Tag: Bible

Desktop Project Part 7: A new volcano parts the Red Sea. Kinda

By Phil Plait | April 1, 2012 7:00 am

[Over the past few weeks, I've collected a metric ton of cool pictures to post, but somehow have never gotten around to actually posting them. Sometimes I was too busy, sometimes too lazy, sometimes they just fell by the wayside... but I decided my computer's desktop was getting cluttered, and I'll never clean it up without some sort of incentive. I've therefore made a pact with myself to post one of the pictures with an abbreviated description every day until they're gone, thus cleaning up my desktop, showing you neat and/or beautiful pictures, and making me feel better about my work habits. Enjoy.]

It probably won’t surprise you to hear I’m not exactly a Biblical literalist. Still, parts of the Bible are known to be based on actual events, so when something turns up that sounds like one of the stories come true, it’s not always surprising.

Still, I always figured the parting of the Red Sea was wholly fictional. But now something has turned up hat makes me wonder if it could’ve sparked — literally — the legend: a volcano has poked its head up from above the waters of the Red Sea.

Here’s the scene on October 24, 2007, as seen by the Earth Observing-1 satellite:

[Click to enhaphaestenate.]

That all looks pretty normal. Calm seas, a couple of islands (Haycock Island to the north (left), and Rugged Island to the south, both about a kilometer long), no biggie.

Now take a look at the same scene on December 23, 2011:

[Click to Cecilbdemillenate.]

Holy smoke! Look at that: a whole new volcano! This is happening off the coast of Yemen near a group of islands called the Zubair Group. This region is in a rift zone, where two tectonic plates are pulling apart, so volcanic activity isn’t too surprising.

And it wouldn’t surprise me at all if something like this were the genesis* of the story from Exodus. A big eruption could cause big waves, flooding, disasters on a smallish scale… and over time the story grew, had bits added to it, and next thing you know there’s an overwrought movie with Charlton Heston yelling at the water and shaking a stick at it.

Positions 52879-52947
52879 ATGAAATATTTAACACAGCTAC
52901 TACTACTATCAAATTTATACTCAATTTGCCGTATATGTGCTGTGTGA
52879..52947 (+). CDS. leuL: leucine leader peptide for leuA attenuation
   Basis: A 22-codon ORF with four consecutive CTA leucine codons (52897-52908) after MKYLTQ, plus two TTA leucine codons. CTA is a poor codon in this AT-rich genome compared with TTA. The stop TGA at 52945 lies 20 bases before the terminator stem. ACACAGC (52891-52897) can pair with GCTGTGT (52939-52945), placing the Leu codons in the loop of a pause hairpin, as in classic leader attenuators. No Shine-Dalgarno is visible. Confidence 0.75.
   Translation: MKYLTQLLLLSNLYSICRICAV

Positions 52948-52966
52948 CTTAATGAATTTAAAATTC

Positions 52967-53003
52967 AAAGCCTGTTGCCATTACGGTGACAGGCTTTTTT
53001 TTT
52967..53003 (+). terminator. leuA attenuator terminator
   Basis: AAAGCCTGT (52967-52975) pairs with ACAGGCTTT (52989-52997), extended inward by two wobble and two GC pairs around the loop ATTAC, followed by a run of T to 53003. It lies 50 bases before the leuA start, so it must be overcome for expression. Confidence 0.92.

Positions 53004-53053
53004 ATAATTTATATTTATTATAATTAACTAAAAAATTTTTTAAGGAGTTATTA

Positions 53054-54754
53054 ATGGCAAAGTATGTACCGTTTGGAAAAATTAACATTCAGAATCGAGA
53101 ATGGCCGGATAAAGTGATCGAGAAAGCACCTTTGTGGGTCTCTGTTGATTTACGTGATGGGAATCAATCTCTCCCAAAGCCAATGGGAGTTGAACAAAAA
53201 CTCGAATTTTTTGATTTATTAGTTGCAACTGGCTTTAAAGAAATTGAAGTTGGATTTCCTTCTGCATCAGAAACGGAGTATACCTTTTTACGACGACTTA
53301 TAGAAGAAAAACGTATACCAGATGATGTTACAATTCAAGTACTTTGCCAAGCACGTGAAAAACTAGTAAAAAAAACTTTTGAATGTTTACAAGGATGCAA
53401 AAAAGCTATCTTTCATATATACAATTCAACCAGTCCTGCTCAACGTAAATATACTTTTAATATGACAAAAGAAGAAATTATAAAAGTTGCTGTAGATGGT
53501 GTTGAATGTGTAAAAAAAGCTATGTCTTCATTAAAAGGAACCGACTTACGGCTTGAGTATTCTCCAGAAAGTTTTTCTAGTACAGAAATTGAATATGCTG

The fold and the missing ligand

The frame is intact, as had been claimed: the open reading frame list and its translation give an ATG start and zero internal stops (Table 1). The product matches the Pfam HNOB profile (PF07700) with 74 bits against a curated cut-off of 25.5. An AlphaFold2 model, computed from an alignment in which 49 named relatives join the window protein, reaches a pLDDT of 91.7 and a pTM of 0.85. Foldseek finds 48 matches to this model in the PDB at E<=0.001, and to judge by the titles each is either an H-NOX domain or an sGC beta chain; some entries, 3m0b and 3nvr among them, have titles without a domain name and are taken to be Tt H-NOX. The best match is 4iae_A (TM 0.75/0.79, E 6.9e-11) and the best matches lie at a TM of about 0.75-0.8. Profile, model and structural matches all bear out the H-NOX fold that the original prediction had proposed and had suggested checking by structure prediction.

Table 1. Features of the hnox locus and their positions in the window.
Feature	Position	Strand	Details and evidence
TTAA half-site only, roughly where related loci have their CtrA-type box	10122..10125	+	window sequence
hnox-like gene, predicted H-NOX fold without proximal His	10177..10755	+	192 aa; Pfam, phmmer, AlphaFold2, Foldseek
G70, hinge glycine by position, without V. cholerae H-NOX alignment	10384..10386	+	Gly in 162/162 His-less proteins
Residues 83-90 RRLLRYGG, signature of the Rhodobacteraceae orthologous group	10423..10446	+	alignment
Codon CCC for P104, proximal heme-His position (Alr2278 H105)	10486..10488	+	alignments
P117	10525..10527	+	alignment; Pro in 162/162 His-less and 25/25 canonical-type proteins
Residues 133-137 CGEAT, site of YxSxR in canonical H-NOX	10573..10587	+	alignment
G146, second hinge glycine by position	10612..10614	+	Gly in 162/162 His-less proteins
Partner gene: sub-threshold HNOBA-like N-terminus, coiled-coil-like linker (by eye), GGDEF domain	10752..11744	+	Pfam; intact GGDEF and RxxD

To me, the story of science is always better than the ones we humans make up or embellish, though. Look at that: a brand new volcano, born right before our eyes, and all courtesy of space travel, satellites, good detectors, and a burning, unending desire to understand the world better.

There’s a revelation for you.

Image credit: NASA Earth Observatory/Jesse Allen, using EO-1 ALI data provided courtesy of the NASA EO-1 team.


*HAHAHAHAHAHA! I kill me.

CATEGORIZED UNDER: Cool stuff, Pretty pictures, Religion

Are the Ten Commandments really the basis for our laws?

By Phil Plait | June 8, 2010 7:00 am

As we ramp up to the mid-term elections in November 2010 — sure to be just a warmup to the insanity that will be the Presidential election in 2012 — you can bet your bottom shekel that we’ll be hearing from a lot of "family values" politicians decrying our lack of morality. That’s de rigeur for any election, but every cycle it seems to get worse.

heston_10commandmentsA lot of these claim that the United States is either a Christian nation — a ridiculous and easily-disprovable notion — or that it was founded on Judeo-Christian principles (the "Judeo" part is a giveaway that these politicians are Leviticans: they seem to keep their noses buried more in the fiery wrath of the Old Testament than in the actually gentle, politically-correct teachings of Jesus… more on this later, promise). Specifically, they claim quite often that our laws are based on the Ten Commandments.

I was thinking about this recently. People seem to accept that our laws are based on the morals of the Old Testament laid out in the Commandments, but as a proper skeptic, I decided to take a look myself. Why not go over the Commandments, said I to myself, and compare them to our actual laws, as well as the Constitution, the legal document framed by the Founding Fathers, and upon which our laws are actually based?

So I did*.

For those of you not familiar with the Bible — which includes many politicians most willing to thump it, it seems — what follows is the relevant passage from Exodus 20 in the King James Version. I found it online at the University of Michigan’s Digital Library, which matches other online versions I found. Note: apparently, God said some other stuff interspersed among the Commandments, a sort of legal commentary to stress the aspects He felt important. I have highlighted the actual Commandments below.

Let’s take a look:

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